Founder Series Part II: How do you slice your startup's founder equity pie?

In Part II of my Founder Series, it is time to structure the organization and issue ownership interests to your founder.  I have worked with companies who think that this is an easy step.  It isnt'.  And it can be very uncomfortable.  Embrace that. The first thing you should do is resist the urge to just check the box on this by splitting the equity equally among the owners and moving on.  It may seem like a purely academic exercise because you are just "dividing up zeros" of a company with almost no value (which, in fact, you pretty much are).  But your decisions here will have significant ramifications for the company - and your relationships with your co-founders - in the future.  Treat it as the beginning of a negotiation, not an endgame.  Future investors may also look skeptically on a hasty resolution for a major decision.   It may be that you ultimately decide to do a straight equal split, but that decision should not be made without going through this analysis.  

Separate the Roles: Managers and Owners are Different

Remember that there are two sides to equity ownership: economic rights and management rights.  You can consider each separately.  An equal split between co-founders may sound fair on the economic side, but the management of the company may be stymied by impasse.  A Founders Agreement or Voting Agreement can then give you additional flexibility by reallocating some of the responsibility on the management side.

Valuing Contributions: a Co-Founder's Value is Not Necessarily Static

Don't overvalue pre-formation contributions.  Many founders look at what they have on day one and issue equity based on the perceived value of that contribution means to the company at that moment. But each is contributing some asset to the company, whether it is cash or time and opportunity cost.  Cash is easy to quantify, but what about technology, or future services? Start by determining how much the company would pay for that contribution and use that as a baseline.  Then any differences would add or subtract from that total for each co-founder.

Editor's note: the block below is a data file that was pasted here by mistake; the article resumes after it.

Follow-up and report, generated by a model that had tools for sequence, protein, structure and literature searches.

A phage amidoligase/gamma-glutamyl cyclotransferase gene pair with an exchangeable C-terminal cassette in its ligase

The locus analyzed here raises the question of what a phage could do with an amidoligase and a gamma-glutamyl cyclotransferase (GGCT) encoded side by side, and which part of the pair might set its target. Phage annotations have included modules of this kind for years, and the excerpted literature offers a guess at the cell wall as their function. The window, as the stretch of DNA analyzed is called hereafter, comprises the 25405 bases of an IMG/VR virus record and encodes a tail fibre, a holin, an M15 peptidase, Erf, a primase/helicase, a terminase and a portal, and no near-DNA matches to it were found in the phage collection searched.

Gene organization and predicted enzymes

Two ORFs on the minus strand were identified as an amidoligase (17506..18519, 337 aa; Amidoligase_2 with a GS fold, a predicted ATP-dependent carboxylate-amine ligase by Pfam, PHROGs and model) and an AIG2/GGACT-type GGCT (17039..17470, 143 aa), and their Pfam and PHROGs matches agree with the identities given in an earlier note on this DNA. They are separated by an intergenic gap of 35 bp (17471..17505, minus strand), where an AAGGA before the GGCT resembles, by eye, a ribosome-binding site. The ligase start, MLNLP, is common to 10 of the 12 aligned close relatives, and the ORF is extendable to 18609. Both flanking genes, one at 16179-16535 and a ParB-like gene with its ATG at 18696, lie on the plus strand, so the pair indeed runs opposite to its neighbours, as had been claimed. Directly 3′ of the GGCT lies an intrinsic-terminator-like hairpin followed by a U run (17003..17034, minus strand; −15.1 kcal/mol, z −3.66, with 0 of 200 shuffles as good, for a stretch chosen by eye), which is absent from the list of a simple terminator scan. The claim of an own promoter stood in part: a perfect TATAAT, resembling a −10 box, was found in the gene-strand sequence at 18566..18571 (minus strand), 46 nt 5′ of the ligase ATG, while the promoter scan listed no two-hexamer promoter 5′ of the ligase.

Also, future value can be just as important as past contributions. You may want to give a founder's share to someone who will be doing development work for the company in the future, which could mean just as much as the $10,000 cash contribution. But again, make sure you look at the bigger picture when doing this.  Here is an example of how this can cause trouble:

There was a company that had two co-founders, but they split the equity of their company into three equal interests - the third interest going to one co-founder's mother for use of her basement to start the company.  On day one, this may make sense because the value of the space is just as important as the contributions of the other owners.  But a few years later - long after the company had moved out of that space into a new location - investors questioned the credibility of the co-founders. Aside from the logistical hassle of getting the mom to sign some of the documents, it made little sense.  While the co-founders continued to build value for the business, a third of the company was tied up with someone who now had nothing to do with it.

This same scenario could play out when a founder leaves a company early, particularly where there are three or more founders.  The goal is to put together an equity arrangement that makes sense at formation, but also is relevant as the company evolves.

In Part III of this series, I will talk about Founder Agreements and some ways to structure equity splits that can help with some of these issues.

Read more about founders in my Founders Series Part I and Part III.